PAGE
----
Ultimate Bass

The Man behind the Lens

James Overstreet

If you have ever picked up a Bassmaster magazine or looked at bassmaster.com, then you have seen the photography of James Overstreet. James has captured some of the greatest moments in the recent history of B.A.S.S. From KVD’s Classic win, to the missing front tooth of fisherman (thanks to a tungsten weight), to the most recent Bassmaster Champion, Casey Ashley, James has been there with his camera. If you are like me, you know James’ face, but I really didn’t know James until we sat down for this interview.

James lives in Arkansas and for many years fished tournaments and dreamed of being at the Bassmaster Classic. James has been to a lot of Classics, 9 to be exact; he hasn’t been an angler though. Even better and more interesting, using a Canon 1D Mark III and 5D Mark II, James shoots anglers deep in their tournament mode. James watches and shoots anglers in action from a view we only dream about. Dos Equis claims to have the most interesting man in the world, but I think Jerry McGinnis has him in James Overstreet.

BS: What is the best moment you have spent on the water shooting? JO: “The last day of the Bassmaster Classic when that angler catches the fish that wins him that Classic. Like Chris Lane on the Red River, those anglers know what they need to win. When they catch that fish and I capture it, that moment of catching that winning fish; that is the best feeling”.

BS: What has been the scariest moment in a boat? JO: “The scariest has to be when I worked for ESPN and was in St. Augustine for a redfish tournament. A lightning storm came up on us and we could not make it back to the shore, so we rode it out under a bridge. As you know, lightning usually goes across the sky, but this particular day it was coming straight down and hitting something every time. There were other boats under this same bridge seeking shelter; they had women and children who were screaming and crying in fear. My hair was standing up because of all the static electricity in the air. I shot several photos that day. Lightning is hard to shoot because of the speed, but it was striking fast and straight down.”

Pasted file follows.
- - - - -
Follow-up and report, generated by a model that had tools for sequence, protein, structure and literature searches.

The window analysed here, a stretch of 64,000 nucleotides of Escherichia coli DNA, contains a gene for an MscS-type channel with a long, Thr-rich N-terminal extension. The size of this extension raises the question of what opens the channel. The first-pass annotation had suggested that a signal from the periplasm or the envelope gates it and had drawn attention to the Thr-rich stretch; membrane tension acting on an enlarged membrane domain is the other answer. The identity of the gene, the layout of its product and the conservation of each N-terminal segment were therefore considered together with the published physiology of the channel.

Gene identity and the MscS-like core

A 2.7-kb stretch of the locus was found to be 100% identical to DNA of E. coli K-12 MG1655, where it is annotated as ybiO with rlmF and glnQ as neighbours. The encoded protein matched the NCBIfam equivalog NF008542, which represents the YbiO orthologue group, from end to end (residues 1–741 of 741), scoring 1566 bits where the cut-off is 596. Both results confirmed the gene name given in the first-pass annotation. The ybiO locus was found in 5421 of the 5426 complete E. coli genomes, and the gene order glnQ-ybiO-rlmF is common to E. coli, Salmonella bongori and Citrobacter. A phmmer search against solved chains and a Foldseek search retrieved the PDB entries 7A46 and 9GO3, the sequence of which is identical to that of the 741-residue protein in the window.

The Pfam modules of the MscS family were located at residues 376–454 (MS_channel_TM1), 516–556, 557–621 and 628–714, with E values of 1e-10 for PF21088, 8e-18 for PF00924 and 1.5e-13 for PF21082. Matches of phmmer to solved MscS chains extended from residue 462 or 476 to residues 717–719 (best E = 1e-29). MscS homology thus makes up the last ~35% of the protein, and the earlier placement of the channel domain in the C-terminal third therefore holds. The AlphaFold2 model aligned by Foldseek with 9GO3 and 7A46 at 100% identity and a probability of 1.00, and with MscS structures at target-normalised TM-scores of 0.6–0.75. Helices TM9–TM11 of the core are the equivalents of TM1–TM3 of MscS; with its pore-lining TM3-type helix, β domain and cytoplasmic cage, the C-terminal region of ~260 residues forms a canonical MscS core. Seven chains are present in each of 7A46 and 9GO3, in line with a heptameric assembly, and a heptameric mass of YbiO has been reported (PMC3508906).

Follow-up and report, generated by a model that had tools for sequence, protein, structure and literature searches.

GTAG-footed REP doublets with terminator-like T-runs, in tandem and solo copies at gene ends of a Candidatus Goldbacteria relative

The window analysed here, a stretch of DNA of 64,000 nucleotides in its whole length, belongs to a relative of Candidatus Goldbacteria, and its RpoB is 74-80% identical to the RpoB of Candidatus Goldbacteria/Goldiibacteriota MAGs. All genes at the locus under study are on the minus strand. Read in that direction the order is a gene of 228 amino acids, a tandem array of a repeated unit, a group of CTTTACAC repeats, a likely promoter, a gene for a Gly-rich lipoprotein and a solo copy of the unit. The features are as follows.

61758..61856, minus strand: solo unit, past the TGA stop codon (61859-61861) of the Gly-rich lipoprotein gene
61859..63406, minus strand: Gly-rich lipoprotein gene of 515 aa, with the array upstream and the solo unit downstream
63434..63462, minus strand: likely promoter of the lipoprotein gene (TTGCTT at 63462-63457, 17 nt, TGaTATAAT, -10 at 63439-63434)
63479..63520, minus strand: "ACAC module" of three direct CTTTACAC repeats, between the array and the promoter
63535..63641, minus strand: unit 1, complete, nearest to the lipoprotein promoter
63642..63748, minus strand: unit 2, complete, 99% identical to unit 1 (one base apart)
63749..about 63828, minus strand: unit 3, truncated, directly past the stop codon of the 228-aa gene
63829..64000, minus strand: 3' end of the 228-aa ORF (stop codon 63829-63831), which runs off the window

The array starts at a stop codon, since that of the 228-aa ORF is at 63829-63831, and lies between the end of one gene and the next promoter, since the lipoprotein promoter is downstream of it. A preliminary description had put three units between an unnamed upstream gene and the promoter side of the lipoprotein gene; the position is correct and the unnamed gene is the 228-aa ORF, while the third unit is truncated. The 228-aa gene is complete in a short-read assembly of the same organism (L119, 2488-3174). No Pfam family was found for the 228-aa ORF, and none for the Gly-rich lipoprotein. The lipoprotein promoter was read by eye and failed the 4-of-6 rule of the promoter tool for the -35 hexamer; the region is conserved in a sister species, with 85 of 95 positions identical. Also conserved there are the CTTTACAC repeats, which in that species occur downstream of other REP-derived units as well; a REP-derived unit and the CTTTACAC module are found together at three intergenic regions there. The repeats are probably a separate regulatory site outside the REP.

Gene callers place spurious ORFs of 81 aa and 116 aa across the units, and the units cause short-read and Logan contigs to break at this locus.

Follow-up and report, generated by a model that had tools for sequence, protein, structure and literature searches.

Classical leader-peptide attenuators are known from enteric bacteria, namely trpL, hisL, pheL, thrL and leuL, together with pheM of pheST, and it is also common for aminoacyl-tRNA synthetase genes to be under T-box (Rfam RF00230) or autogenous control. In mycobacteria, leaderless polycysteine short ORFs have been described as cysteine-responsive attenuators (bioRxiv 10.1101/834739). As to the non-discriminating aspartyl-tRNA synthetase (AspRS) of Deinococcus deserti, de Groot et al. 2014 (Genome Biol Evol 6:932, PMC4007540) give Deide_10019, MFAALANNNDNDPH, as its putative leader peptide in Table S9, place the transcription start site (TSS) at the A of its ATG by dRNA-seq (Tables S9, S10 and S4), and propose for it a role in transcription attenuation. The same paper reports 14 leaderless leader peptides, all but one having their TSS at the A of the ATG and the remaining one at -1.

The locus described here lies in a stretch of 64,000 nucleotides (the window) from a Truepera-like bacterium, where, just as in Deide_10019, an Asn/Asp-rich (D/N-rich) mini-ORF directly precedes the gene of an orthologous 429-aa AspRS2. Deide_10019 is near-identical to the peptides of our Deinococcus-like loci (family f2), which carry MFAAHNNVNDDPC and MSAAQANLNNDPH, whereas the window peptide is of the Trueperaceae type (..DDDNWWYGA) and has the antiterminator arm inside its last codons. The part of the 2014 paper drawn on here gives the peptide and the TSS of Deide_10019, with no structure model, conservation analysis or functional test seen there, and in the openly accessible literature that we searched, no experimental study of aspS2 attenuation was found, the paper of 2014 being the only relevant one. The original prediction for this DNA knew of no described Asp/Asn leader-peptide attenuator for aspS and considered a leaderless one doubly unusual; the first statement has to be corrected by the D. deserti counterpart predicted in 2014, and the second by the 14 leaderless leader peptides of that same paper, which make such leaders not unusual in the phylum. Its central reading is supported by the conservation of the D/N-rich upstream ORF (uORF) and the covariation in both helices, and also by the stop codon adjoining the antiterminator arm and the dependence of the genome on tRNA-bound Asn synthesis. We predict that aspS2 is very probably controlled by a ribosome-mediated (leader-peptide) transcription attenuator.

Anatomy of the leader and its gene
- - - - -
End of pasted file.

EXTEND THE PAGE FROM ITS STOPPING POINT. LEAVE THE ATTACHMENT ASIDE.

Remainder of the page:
BS: What is life like “shooting” the most famous anglers in the world? JO: “I had always dreamed of being one (a professional angler). I fished tournaments for 20 years, but never got to that level of fishing. When I met my wife, and we got married, I had a stereo and two huge cardboard boxes. In those two boxes were issues and issues of Bassmaster Magazine; they had highlighted articles and writing in them where I had made notes. This was my dream. So I guess I still get the dream because I am in this job and the bass fishing family.”

BS: What is it like to fish with Kevin Van Dam? JO: “Kevin is one of my closest friends. I could pick up the phone right now and call him, and he would answer right away. When you get Kevin out of his tournament mode, he is a lot of fun and a really funny guy. He runs with Mark Zona, so you know he has to be fun. I missed the Angler of the Year tournament one year when it was in Iowa because my dad was sick and in this hospital. Kevin called me, and we talked for probably 30 minutes. Kevin had a lot of other things he needed to be doing, but he called to check on me and see why I was not there and if I needed anything. That is just the kind of guy Kevin (Van Dam) is, very caring. I fished with Kevin one time on Lake Guntersville. He couldn’t get out of the tournament mode; he would fish a spot, say “no good” and move to another spot, we were all over that lake. We caught three and four pounders, but that wasn’t the quality fish that Kevin wanted to catch. I went fishing with KVD and Jerry McKinnis on Lake St. Claire and Kevin got my camera and kept snapping pictures. I told him if he took a good one I would post it and give him photo credit, which I did. I have spent more time in the boat and on the water with KVD than any other angler. Kevin is a really good guy; he stays busy and yet he makes time for his family. I don’t know how he does it all; he is just a stand-up guy. Kevin is very popular with fans that follow him and cheer him on; Kevin is very receptive to his fans.”